Rising power costs drive adoption of ICT sustainability measures

Friday, 10 October, 2008

Concern about rising power costs is the primary motivation for Australian organisations when it comes to implementing environmentally sustainable information and communications technology (ICT) solutions. The finding, which has been released by Frost & Sullivan in its latest Market Insight study — Environmental Sustainability and Technology: Opportunities for Green IT, supports the idea that emissions trading and the consequent increase in the price of power will hasten the adoption of sustainable ICT solutions and help reduce energy use.

The report identifies that while most organisations have limited understanding of the likely impact of emissions trading, 28% of respondents believe it will have a significant negative effect on their business, particularly in the need to save power and reduce reliance on fossil fuels. It’s a concern that is helped along by the increasing number (28%) of CIOs and IT managers holding budget responsibility for their own data centre power usage and one that Frost & Sullivan believes may increase the uptake of emissions-reducing technologies and practices.

The study notes that Australian businesses are relatively mature in their actions in addressing environmental concerns with 43% of respondents having implemented sustainability policies with measurable targets. CIOs shoulder a portion of the environmental burden with 27% of IT departments having emissions targets to meet. Few organisations, however, have put in place the infrastructure required to meet those targets. For example, 65% of organisations noted that they are attempting to reduce power use yet only 26% have implemented technologies to measure power use, while 32% have taken steps to redesign their buildings and only 16% have engaged environmental consultants.

Other factors

While energy costs emerge as key to the adoption of environmentally friendly technologies, other factors include the need to meet the requirements of partners in the supply chain, greater efficiencies offered by technologies such as virtualisation and the desire to be seen as a responsible corporate citizen.

Internationally, emissions data is increasingly being recorded throughout the supply chain, allowing organisations such as retailers or manufacturers to provide full accounting of the amount of carbon emitted to produce and market a given product. The study suggests that similar requirements will be sought by major Australian retailers.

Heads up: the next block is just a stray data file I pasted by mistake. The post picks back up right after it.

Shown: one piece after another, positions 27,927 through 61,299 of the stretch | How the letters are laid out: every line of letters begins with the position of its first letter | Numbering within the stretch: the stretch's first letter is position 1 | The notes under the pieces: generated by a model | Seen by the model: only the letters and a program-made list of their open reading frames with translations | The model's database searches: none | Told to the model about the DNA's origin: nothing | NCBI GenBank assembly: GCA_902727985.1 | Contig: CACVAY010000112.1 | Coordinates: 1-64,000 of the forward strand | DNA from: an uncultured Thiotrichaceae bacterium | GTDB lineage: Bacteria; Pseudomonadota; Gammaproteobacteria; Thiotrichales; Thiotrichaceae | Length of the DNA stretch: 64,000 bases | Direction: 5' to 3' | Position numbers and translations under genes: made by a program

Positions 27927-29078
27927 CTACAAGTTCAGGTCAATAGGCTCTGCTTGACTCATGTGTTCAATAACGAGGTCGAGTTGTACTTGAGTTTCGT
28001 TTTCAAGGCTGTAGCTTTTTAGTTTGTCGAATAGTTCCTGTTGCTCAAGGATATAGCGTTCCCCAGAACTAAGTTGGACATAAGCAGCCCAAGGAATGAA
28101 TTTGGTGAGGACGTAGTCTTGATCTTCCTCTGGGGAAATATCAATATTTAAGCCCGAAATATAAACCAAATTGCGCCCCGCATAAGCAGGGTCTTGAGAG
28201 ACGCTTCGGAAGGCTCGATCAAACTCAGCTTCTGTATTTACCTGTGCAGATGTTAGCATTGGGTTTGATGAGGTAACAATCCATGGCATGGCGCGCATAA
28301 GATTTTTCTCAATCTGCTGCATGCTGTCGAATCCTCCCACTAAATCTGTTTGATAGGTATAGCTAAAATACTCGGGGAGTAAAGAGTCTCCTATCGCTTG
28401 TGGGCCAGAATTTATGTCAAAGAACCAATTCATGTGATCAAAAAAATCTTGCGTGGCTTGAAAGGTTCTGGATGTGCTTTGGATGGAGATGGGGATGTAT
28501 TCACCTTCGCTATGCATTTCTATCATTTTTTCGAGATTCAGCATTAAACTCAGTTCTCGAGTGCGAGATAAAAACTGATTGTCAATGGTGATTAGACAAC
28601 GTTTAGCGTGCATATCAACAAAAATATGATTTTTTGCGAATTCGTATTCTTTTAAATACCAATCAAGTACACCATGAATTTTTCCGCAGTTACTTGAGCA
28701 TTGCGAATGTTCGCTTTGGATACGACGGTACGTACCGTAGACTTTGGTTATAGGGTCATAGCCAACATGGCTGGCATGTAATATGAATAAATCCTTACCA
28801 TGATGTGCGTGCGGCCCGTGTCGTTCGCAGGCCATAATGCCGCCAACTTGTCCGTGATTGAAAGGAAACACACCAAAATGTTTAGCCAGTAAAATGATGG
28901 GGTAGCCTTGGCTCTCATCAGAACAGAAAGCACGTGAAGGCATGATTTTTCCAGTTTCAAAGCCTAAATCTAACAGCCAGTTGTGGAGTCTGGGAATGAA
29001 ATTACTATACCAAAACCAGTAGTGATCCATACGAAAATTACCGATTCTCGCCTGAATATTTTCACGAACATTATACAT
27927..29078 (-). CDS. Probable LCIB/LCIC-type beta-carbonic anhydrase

Similarly, large Australian government departments are already requiring suppliers to show how they will reduce their greenhouse gas emissions through the life of a contract, and those organisations are in turn starting to pressure their own suppliers.

Frost & Sullivan predicts that growth in such trends will lead to everyone in the supply chain ultimately feeling some impact from the move towards greener practices.

Organisations are also examining how enabling technologies such as videoconferencing, collaboration tools and web applications for the dematerialisation of services can help reduce emissions — and costs — by eliminating unnecessary travel by staff and clients. The report highlights the role of virtualisation, or the implementation of multiple operating systems on a single device, which is helping to increase the efficient utilisation of servers, reducing the number of servers required, which in turn is helping to decrease energy use and recurring power consumption costs.

The challenge for IT

While much of the current sustainability discussion revolves around power consumption reduction, the sustainable use of ICT includes other elements such as product life cycle management, reduced business travel and commuting, conservation of consumables like paper and printer cartridges, the location and design of physical facilities and more responsible use of resources such as water.

At present, almost a quarter of the businesses involved in the survey don’t have a dedicated sustainability budget, while another quarter spends 5% or less of their total ICT budget on environmentally friendly projects. Frost & Sullivan predicts that this figure will increase as organisations begin to see the benefits in terms of efficiencies and cost savings.

Andrew Milroy, industry director, ICT practice, Frost & Sullivan, comments, “Regardless of whether being driven by cost or green considerations, CIOs have to consider how to reduce energy consumption before their customers, partners and investors start to demand it. Paying more attention to data centre server and storage practices, better planning for data centre capacity and location, plus the introduction of more efficient technologies are all important steps that can be taken now.”

The study looks at ICT sustainability intentions and practices among Australian organisations, with findings drawn from interviews with 101 senior executives with control or influence over sustainability and IT budgets. Each executive represents an organisation with revenues in excess of $5 million and manages an IT budget of more than $1 million.


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